In the spirit of her blockbuster number-one New York Times best-seller The Happiness Project, Gretchen Rubin embarks on a new project to make home a happier place.
One Sunday afternoon, as she unloaded the dishwasher, Gretchen Rubin felt hit by a wave of homesickness. Homesick - why? She was standing right in her own kitchen. She felt homesick, she realized, with love for home itself. “Of all the elements of a happy life,” she thought, “my home is the most important.” In a flash, she decided to undertake a new happiness project, and this time, to focus on home.
And what did she want from her home? A place that calmed her and energized her. A place that, by making her feel safe, would free her to take risks. Also, while Rubin wanted to be happier at home, she wanted to appreciate how much happiness was there already.
So, starting in September (the new January), Rubin dedicated a school year - September through May - to making her home a place of greater simplicity, comfort, and love.
In The Happiness Project, she worked out general theories of happiness. Here she goes deeper on factors that matter for home, such as possessions, marriage, time, and parenthood. How can she control the cubicle in her pocket? How might she spotlight her family’s treasured possessions? And it really was time to replace that dud toaster.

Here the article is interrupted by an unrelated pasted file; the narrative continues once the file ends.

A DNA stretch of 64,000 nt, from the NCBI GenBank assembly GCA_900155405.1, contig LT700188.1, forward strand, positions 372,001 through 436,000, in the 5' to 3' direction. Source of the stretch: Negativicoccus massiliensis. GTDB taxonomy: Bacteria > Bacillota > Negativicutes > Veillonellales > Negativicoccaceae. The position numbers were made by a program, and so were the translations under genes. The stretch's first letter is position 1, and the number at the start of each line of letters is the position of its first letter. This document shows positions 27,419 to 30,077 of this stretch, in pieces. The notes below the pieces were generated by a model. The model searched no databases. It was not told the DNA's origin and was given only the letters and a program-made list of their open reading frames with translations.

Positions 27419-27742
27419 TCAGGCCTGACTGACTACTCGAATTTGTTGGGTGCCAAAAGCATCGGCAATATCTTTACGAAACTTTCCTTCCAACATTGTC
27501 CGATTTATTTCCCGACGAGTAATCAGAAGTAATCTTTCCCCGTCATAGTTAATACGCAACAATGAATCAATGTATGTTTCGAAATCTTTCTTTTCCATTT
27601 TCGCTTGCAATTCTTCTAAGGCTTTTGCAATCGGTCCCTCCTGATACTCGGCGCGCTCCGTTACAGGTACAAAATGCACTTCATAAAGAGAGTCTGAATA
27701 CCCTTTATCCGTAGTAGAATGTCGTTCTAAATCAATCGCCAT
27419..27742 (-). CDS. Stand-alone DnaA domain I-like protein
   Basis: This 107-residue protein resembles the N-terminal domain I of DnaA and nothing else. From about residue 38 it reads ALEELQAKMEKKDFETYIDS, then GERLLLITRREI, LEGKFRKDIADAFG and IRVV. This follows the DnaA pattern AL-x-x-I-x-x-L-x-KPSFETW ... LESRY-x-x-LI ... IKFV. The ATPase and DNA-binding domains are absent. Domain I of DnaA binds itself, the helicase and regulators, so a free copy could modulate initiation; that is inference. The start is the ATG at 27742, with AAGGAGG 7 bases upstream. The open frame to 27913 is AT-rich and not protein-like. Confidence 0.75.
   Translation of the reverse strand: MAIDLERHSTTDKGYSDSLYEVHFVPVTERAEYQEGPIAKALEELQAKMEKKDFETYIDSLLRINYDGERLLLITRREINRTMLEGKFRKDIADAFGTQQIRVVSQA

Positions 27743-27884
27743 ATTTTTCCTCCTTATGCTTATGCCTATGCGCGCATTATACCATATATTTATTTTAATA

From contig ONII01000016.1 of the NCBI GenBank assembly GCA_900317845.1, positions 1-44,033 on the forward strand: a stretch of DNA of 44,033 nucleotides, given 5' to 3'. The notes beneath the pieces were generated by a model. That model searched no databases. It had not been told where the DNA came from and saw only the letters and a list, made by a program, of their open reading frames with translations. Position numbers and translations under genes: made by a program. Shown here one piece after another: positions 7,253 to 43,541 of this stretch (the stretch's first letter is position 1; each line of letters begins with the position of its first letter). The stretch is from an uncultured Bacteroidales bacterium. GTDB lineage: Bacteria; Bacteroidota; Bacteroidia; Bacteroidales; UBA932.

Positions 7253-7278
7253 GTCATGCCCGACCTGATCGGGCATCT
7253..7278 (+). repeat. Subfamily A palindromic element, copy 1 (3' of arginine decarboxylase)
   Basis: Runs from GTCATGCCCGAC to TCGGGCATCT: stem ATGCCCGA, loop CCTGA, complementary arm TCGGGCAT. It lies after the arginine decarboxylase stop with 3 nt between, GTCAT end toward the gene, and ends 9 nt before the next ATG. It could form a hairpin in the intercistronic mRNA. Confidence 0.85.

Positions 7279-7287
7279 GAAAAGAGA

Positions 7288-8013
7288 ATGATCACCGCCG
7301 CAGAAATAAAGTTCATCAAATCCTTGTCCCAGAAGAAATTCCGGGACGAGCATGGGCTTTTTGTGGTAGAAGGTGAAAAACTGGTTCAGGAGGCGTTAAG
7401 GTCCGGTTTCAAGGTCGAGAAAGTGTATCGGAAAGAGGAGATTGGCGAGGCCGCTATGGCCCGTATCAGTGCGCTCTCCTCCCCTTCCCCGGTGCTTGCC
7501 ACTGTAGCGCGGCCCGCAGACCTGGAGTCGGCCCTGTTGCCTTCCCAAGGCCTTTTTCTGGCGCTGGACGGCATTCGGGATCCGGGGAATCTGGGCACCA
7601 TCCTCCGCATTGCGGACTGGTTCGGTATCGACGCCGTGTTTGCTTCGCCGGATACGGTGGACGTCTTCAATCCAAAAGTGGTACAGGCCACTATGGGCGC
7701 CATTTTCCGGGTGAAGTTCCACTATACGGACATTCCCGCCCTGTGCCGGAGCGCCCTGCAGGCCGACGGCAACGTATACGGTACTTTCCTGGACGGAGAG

Each month, Rubin tackles a different theme as she experiments with concrete, manageable resolutions - and this time, she coaxes her family to try some resolutions, as well.
With her signature blend of memoir, science, philosophy, and experimentation, Rubin’s passion for her subject jumps off the page, and reading just a few chapters of this book will inspire readers to find more happiness in their own lives.
©2012 Gretchen Rubin (P)2012 Random House Audio
Most of Gretchen's tips and ideas are inspiring and thought provoking, a few are annoying. The narration is about the same...mostly just fine, sometimes annoying
Gretchen, why didn't you read this yourself? This is YOUR story and should be in your voice. Kathe Mazur is a good narrator, but not for this story. This was distracting.
As a Happiness Project devotee, I found this book somewhat repetitive . . . perhaps this should be Gretchen's last happiness project.
Very easy to listen. Well written for spoken format. The book moves right along and keeps the listener engaged.
The vignettes all contain pearls of wisdom for happiness...albeit perhaps sometimes more about material and time-related obstacles confronting a Yale-trained-attorney-turned-author than less affluent folks.
All were very well done. The daughters are fun.
Rich people can be happy and you can too!
Green Rubin did her own narration for the first book, and I found it much more engaging. I find myself dozing off with this narrator, and not following what she's saying.
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